Ultrasound uses sound waves to activate tissue below the surface of the skin; these waves are at a very high level and cannot be detected by humans. Ultrasound is delivered using a transducer (or applicator) that is in direct contact with the skin of the patient. Gel is used on all surfaces of the head to minimize friction and assist in the transmission of ultrasonic waves.
LLLT (Low Level Laser Therapy) is the application of red and near-infrared light over areas of damage or disease to alter cellular function. Increased cell metabolism can enhance wound and soft tissue healing, help minimize inflammation and alleviate both acute and chronic pain. This form of modality can be useful for minor injuries, such as sprains or strains, or for general aches and pains.
Transcutaneous electrical nervous stimulation (TENS) is a medical system primarily intended to help in the treatment of chronic and acute pain. This mode sends tiny, healthy, electrical stimulation to the body through electrodes that are placed on the skin in the region where the pain is felt. Stimulation helps alleviate pain by blocking the signal of pain from entering the brain, triggering the release of natural pain-relieving endorphins from the body. An easy, drug-free alternative to assist in the management of pain.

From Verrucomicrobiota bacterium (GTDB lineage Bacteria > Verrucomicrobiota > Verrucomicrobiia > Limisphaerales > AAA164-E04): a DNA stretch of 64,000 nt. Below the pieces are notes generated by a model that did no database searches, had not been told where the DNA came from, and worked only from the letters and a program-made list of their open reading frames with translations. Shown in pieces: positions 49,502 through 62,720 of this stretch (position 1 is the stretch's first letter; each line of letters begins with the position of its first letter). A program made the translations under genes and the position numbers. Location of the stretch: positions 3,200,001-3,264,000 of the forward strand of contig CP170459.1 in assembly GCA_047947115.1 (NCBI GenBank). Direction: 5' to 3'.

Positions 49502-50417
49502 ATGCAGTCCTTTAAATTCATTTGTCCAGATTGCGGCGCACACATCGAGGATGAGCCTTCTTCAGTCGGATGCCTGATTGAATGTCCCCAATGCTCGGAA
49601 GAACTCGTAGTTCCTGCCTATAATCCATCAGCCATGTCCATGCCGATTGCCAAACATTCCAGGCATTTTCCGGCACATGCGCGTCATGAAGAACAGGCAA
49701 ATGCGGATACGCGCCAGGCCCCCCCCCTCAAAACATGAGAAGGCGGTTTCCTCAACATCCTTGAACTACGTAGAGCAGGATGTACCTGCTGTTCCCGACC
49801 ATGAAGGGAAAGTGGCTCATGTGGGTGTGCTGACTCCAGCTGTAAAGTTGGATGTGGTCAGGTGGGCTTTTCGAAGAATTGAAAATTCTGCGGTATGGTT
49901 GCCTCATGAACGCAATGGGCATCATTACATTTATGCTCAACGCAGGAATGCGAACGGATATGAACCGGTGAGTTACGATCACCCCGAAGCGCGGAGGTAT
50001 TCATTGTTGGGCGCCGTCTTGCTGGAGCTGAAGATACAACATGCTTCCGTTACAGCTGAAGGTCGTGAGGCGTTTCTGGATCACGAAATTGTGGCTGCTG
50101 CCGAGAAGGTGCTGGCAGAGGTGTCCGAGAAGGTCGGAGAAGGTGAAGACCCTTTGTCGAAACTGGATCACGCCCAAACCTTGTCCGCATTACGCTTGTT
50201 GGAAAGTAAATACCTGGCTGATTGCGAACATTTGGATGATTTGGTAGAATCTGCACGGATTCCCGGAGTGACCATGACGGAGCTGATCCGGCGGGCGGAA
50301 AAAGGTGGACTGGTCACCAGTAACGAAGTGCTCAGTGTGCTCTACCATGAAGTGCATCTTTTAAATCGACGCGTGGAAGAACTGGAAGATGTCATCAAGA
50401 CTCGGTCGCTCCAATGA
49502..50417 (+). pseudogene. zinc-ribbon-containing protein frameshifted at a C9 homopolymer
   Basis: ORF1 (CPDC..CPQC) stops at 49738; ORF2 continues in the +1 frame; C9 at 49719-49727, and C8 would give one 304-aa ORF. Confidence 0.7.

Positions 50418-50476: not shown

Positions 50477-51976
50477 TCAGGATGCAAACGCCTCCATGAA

Interferential Current (IFC) is a physical modality that is usually used to help alleviate pain in a particular region of the body. The IFC machine generates an electrical current that activates the nervous system to block the brain's pain signals. The engineered frequency of IFCs crosses the skin more quickly and with less pressure than with TENS, and is usually more relaxed and better tolerated by patients. This also activates deeper tissues. This form of treatment does not repair the injury in itself and should be considered as a short-term alternative.
Muscle stimulation is a form of electrical current that can cause a muscle or muscle group to contract. This can be useful to help strengthen muscles, as well as to retain muscle mass and strength during periods of extended immobilization. Through putting electrodes on the skin at various positions, the physiotherapist may recruit the necessary muscle fibers. In addition to increasing muscle strength, muscle contraction also tends to facilitate blood flow to the region that aids in the healing process. This modality can prove to be particularly useful in early recovery.